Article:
Author Topic: Festool Carvex 420 (both corded & battery) - Comparisons  (Read 87767 times)

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Offline elimelech12

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Re: Festool Carvex 420 (both mains and battery powered) - Comparisons
« Reply #30 on: August 30, 2013, 11:11 PM »
You said in one of your Posts:  The blower on the Bosch did not help much, if at all.

Yet at the end you said:

The Bosch JS572EB is a very good saw.  There are features that I like on it that are not on my faithful Trion.  These  are the blower, the light, and the much better non-90 degree angle cutting with positive stops.


That may seem like a contradiction but it is not.  I did not find the blower on the Bosch to be helpful in that particular task, but I did find it to be helpful elsewhere.  I wish that the Carvex had a blower.

Well put; it is therefore a paradox and not a contradiction.
Sold my tools but kept a few Fes-tools...just in case.

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Offline elimelech12

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Re: Festool Carvex 420 (both mains and battery powered) - Comparisons
« Reply #31 on: August 31, 2013, 12:54 AM »
On another I was thinking of the angled base...I posted this on Paul Marcel's review and was wondering your take on this-

I was pretty sure about my preorder over a month ago, but the angled base is a real turn off especially that there's no dust collection. Makes absolutely no sense to me being it is Festool.

It also appears that cutting an inward bevel (meaning: causing the edge of the stock to become less 90) on a scribe line would pose a problem if the line goes toward the work piece. Would the base hit the work piece being it folds down into 90 degrees and rests against the edge you are cutting off? Eventually I see the front of the base making contact. (Hope you understood)

Also I see a problem cutting an inward angle (meaning: causing the edge of the stock to become less 90) if the cut needs to be made a half inch or slightly more/less into the piece. Where would the support be? It couldn't support safely on the little bit of base left or on the material that's being removed. Or if the base is folded to 90 would you even be able to begin the cut?
Sold my tools but kept a few Fes-tools...just in case.

Offline Kev

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Re: Festool Carvex 420 (both mains and battery powered) - Comparisons
« Reply #32 on: August 31, 2013, 01:43 AM »
On another I was thinking of the angled base...I posted this on Paul Marcel's review and was wondering your take on this-

I was pretty sure about my preorder over a month ago, but the angled base is a real turn off especially that there's no dust collection. Makes absolutely no sense to me being it is Festool.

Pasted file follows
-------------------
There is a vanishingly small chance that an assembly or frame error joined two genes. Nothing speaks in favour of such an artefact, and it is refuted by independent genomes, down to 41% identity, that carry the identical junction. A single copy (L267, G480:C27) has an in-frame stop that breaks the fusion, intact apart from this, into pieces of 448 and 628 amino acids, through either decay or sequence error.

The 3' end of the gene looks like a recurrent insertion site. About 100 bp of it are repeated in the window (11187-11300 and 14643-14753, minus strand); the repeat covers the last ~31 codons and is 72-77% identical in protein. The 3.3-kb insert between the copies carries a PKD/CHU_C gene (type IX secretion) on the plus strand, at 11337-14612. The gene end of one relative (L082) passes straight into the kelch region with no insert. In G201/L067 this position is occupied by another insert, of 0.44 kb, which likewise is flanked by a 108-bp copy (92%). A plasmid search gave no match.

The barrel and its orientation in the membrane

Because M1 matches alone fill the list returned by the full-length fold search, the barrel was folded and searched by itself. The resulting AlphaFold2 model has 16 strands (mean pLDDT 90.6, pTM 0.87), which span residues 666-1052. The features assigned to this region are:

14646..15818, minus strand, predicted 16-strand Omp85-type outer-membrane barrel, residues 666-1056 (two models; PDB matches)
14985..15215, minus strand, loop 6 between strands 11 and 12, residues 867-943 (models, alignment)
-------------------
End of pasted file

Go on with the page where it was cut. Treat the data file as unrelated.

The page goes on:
It also appears that cutting an inward bevel (meaning: causing the edge of the stock to become less 90) on a scribe line would pose a problem if the line goes toward the work piece. Would the base hit the work piece being it folds down into 90 degrees and rests against the edge you are cutting off? Eventually I see the front of the base making contact. (Hope you understood)

Also I see a problem cutting an inward angle (meaning: causing the edge of the stock to become less 90) if the cut needs to be made a half inch or slightly more/less into the piece. Where would the support be? It couldn't support safely on the little bit of base left or on the material that's being removed. Or if the base is folded to 90 would you even be able to begin the cut?

Is this for a situation where you can't cut from the other side or something??

Offline elimelech12

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Re: Festool Carvex 420 (both mains and battery powered) - Comparisons
« Reply #33 on: August 31, 2013, 02:35 AM »
I guess, in less words, what I'm asking is if there is a point where the base would hit the stock when going in one direction and have to unsafely on the stock being removed when going in the other direction
Sold my tools but kept a few Fes-tools...just in case.

Offline hemlock

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Re: Festool Carvex 420 (both mains and battery powered) - Comparisons
« Reply #34 on: August 31, 2013, 11:13 AM »
Frank,

      Great review , can't wait for the rest.

      How do you feel about the "open hand" grip on the Carvex barrel grip saws?  In other words  when I checked one out I noticed that it is more difficult (or not possible) to wrap fingers around under the  body of the saw.  Hope I explained that well enough.


Seth

Very helpful review....thank you.   I did not see anyone respond to Seth's question.   I have wondered this too and seem to have read somewhere else the Carvex barrel was bigger than the Trion and that report suggested getting the D handle Carvex because you would have the flexibility of the smaller D handle AND the barrel grip due to the switch locations on the Carvex.    Any experience or perspective on this?